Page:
Meet “the Most Influential Comic You Have Never Heard of”
This week, the New York Times comedy column takes on Eddie Brill, the booker for comics on The Late Show with David Letterman and one of the “gatekeepers of television comedy.” It’s interesting to look at how Brill’s own comedy preferences play into his decision-making.
In conversations with a dozen comics as well as Mr. Brill about what he’s broadly looking for, two things come up repeatedly: honesty and vulnerability. About honesty Mr. Brill said: “If you have your base in reality, then you can have fantasy and be silly. But if your base is fantasy, then it’s really hard to have a reality.”
…Among some comics “Late Show” has a reputation for favoring a certain profile. “The types they seem to like are middle-aged white men from the Midwest,” the comic Amy Schumer said. Only one woman (Karen Rontowski) was booked in 2011. “There are a lot less female comics who are authentic,” Mr. Brill said. “I see a lot of female comics who to please an audience will act like men.”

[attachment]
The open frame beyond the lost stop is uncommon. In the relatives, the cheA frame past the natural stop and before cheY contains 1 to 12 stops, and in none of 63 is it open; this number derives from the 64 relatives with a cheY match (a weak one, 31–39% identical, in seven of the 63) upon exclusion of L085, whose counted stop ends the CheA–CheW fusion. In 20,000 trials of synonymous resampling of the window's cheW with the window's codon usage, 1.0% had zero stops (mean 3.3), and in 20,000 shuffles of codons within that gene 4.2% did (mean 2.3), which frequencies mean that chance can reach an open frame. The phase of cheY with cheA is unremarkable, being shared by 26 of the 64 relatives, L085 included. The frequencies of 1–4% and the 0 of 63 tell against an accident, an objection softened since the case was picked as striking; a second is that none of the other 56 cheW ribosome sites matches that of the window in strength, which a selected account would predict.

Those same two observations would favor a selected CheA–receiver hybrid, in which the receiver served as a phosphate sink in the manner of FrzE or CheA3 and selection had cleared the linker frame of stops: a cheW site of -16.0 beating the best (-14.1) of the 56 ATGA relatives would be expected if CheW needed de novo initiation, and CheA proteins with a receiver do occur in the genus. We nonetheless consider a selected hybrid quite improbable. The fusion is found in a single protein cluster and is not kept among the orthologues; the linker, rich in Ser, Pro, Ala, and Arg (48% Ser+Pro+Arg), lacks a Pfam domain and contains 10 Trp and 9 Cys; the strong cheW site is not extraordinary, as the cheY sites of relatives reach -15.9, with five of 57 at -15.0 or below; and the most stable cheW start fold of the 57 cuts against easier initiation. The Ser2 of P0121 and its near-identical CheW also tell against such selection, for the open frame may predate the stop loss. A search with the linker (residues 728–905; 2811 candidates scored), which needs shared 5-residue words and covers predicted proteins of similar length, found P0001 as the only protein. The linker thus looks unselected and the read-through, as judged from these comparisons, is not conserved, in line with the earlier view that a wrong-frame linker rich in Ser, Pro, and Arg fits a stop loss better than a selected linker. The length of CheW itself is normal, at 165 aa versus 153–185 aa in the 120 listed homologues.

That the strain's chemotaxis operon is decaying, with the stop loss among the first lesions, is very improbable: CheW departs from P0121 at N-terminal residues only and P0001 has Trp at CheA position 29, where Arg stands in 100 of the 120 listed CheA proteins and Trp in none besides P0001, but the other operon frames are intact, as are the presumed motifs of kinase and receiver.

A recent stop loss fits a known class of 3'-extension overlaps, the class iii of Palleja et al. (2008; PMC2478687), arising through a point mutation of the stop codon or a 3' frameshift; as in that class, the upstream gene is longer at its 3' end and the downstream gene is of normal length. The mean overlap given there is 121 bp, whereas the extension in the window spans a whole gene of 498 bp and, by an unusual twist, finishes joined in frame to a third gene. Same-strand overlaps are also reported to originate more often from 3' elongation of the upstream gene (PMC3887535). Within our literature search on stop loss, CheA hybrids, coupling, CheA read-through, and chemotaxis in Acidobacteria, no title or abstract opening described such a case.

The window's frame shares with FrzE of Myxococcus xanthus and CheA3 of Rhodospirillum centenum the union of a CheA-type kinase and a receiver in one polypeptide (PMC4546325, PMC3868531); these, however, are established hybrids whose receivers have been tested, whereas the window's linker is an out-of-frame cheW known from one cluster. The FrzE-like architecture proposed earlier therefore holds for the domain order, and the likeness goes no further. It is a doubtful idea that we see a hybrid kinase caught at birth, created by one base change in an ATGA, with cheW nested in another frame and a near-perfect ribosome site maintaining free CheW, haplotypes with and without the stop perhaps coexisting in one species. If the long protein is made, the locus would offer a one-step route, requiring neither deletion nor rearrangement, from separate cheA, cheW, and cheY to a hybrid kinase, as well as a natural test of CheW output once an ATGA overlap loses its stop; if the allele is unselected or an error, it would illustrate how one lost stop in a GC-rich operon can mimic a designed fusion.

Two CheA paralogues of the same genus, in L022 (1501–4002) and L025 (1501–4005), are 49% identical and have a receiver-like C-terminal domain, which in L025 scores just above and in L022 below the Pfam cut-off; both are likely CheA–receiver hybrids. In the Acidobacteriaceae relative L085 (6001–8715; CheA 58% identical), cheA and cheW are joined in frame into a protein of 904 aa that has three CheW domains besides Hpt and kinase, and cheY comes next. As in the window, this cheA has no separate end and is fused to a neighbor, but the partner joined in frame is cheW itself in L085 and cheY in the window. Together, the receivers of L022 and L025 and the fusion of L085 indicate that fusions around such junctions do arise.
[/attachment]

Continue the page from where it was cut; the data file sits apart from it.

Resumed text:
Good to know, I guess. If you want to get on Letterman as a standup, just act like you’re constantly on the verge of bursting into honest, vulnerable, ladylike tears.